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Computer crime is a persistent challenge in the digital age, yet our collective understanding of it is skewed. Many would like to believe that people associated with criminal organizations or state-sponsored hacker collectives are the only people capable of devious behavior online. That is simply not the case.

Individuals can perpetuate computer crime by not fully understanding the consequences of their actions, and they do not even need to be that old to do so. Indeed, it would appear that those responsible for committing illegal acts online are increasingly getting younger.

As reported by The Guardian, the National Crime Agency (NCA) of the United Kingdom has found that the average age of those accused of criminal acts in the digital space has dropped to 17, as compared to 24 last year.

This development, the NCA reasons, in part reflects the growing popularity of two common tools: ready-to-buy distributed denial-of-service (DDoS) packages, such as the Lizard Stresser DDoS platform created by the Lizard Squad hacking group following its Christmas DDoS attack against XBox Live and PlayStation Network last year, and remote access Trojans (RATs), which attackers can use to “slave” target computers and sextort their victims for money.

Using either of these tools could result in serious consequences for offenders regardless of their age, the NCA explains. These could include the imposition of a penalty or fine, the seizure of all computer equipment, and/or prison time of up to 10 years.

To impress upon teenagers the severity of computer-related offenses, the NCA has created the #CyberChoices initiative. A program targeting parents of children aged 12-15, #CyberChoices seeks to highlight not only the criminal tools that teenagers unwittingly flock to but also what the consequences might be if their children are found to have violated the Computer Misuse Act, which is in part evident in the arrests of several teenagers following the TalkTalk hack earlier this fall.

“Over the past few years the NCA has seen the people engaging in cyber crime becoming younger and younger,” explains Richard Jones from the NCA’s National Cyber Crime Unit. “We know that simply criminalising young people cannot be the solution to this and so the campaign seeks to help motivate children to use their skills more positively.”

In a discussion of its program, the National Crime Agency notes that children may demonstrate a “healthy and positive” interest in computing by coding, spending significant quantities of their free time online, and consulting independent learning materials.

For some, however, this interest could lead teens into the world of online crime, a transition which may manifest itself in a variety of behavioral changes. These include:

  • They are resistant when asked about what they do online.
  • They receive an income from their online activities.
  • They spend all of their time online.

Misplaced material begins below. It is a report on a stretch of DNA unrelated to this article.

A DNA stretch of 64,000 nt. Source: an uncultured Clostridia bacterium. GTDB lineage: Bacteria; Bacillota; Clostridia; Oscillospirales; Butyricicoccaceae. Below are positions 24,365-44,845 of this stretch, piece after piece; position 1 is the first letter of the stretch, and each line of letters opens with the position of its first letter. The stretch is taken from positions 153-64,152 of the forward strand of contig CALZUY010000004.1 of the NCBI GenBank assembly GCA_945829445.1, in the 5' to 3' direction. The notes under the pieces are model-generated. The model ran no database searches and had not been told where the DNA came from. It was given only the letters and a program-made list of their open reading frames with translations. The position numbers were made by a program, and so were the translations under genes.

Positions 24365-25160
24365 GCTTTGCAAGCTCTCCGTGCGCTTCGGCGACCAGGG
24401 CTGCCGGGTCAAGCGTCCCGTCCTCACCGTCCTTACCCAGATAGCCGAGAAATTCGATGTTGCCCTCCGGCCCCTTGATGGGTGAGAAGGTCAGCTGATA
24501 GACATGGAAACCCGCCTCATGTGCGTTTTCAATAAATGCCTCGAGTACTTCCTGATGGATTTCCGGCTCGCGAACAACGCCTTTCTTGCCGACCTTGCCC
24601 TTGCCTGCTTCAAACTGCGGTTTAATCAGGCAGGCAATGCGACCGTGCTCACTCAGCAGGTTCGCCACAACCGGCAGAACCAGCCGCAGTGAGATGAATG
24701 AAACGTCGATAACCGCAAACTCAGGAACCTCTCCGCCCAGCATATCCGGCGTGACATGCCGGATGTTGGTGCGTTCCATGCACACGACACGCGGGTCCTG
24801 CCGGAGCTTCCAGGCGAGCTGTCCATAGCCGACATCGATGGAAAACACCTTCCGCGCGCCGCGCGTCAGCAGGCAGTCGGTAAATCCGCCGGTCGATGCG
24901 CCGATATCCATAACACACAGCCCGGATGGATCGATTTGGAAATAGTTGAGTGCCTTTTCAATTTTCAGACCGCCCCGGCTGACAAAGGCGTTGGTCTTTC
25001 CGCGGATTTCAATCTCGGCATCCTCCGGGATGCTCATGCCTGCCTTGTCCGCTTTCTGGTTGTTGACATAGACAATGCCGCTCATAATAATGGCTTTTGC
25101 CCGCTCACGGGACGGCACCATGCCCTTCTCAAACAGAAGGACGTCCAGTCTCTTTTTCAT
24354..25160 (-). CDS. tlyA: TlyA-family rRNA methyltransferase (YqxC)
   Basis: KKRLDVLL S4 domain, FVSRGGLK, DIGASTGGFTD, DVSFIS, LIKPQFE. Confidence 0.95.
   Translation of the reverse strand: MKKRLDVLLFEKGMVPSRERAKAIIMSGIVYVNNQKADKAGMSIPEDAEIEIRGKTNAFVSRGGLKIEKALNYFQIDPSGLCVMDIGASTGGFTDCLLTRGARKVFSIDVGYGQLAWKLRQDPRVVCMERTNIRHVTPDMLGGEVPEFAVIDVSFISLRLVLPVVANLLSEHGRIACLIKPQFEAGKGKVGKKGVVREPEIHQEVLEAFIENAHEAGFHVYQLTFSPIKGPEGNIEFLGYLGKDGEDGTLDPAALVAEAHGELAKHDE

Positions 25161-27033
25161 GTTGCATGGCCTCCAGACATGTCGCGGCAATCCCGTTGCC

• They have irregular sleeping patterns.
  • They seem more socially isolated.

Such behaviors are not automatically indicative of criminal activity. Fortunately, the NCA has identified this qualification:

“Many of the signs [above] are just normal teenage behaviours,” the crime agency admits. “Taken in isolation they don’t necessarily suggest a young person is at risk of getting involved in cyber crime. These are just possible indicators that your child is getting into the wrong activities.”

The NCA goes on to recommend two courses of action. First, if a teen is found to be exhibiting any of the behaviors mentioned above, parents are encouraged to talk with them and to “assess their computer proficiency” so they can understand what their children are doing.

To be fair, many parents might not grasp the full extent of their teenagers’ skills, a fact which is depicted in a video created by the NCA. Even so, parents can still articulate the consequences of computer crime to their children and hope that what they say leaves an impression.

Second, parents may decide to introduce their children to an organization that promotes information security training, such as Cyber Security Challenge or CREST. But this could have a limited impact.

“My observation is … that diverting a student to the nearest person whose job has anything to do with ‘cyber security’ is not likely to end with that student showing up at a security research lab,” explains ‘throwawayukcyb,’ a user on Hacker News. “Similarly, I think it’s a laughably bad idea to try to get a kid who is already checking out of school to prep for something like a CREST certification exam.”

Instead, ‘throwawayukcyb’ recommends that parents focus on providing their children with anything that engages their intellect and not necessarily on matters that relate to security. That’s a fair point.

While we can hope that children with computer skills would find information security interesting, other non-computer-related pursuits would nevertheless divert their energies away from online crime, thereby leaving security personnel with one less computer criminal to worry about.

Either way, a win-win for both children and infosec professionals.

Title image courtesy of ShutterStock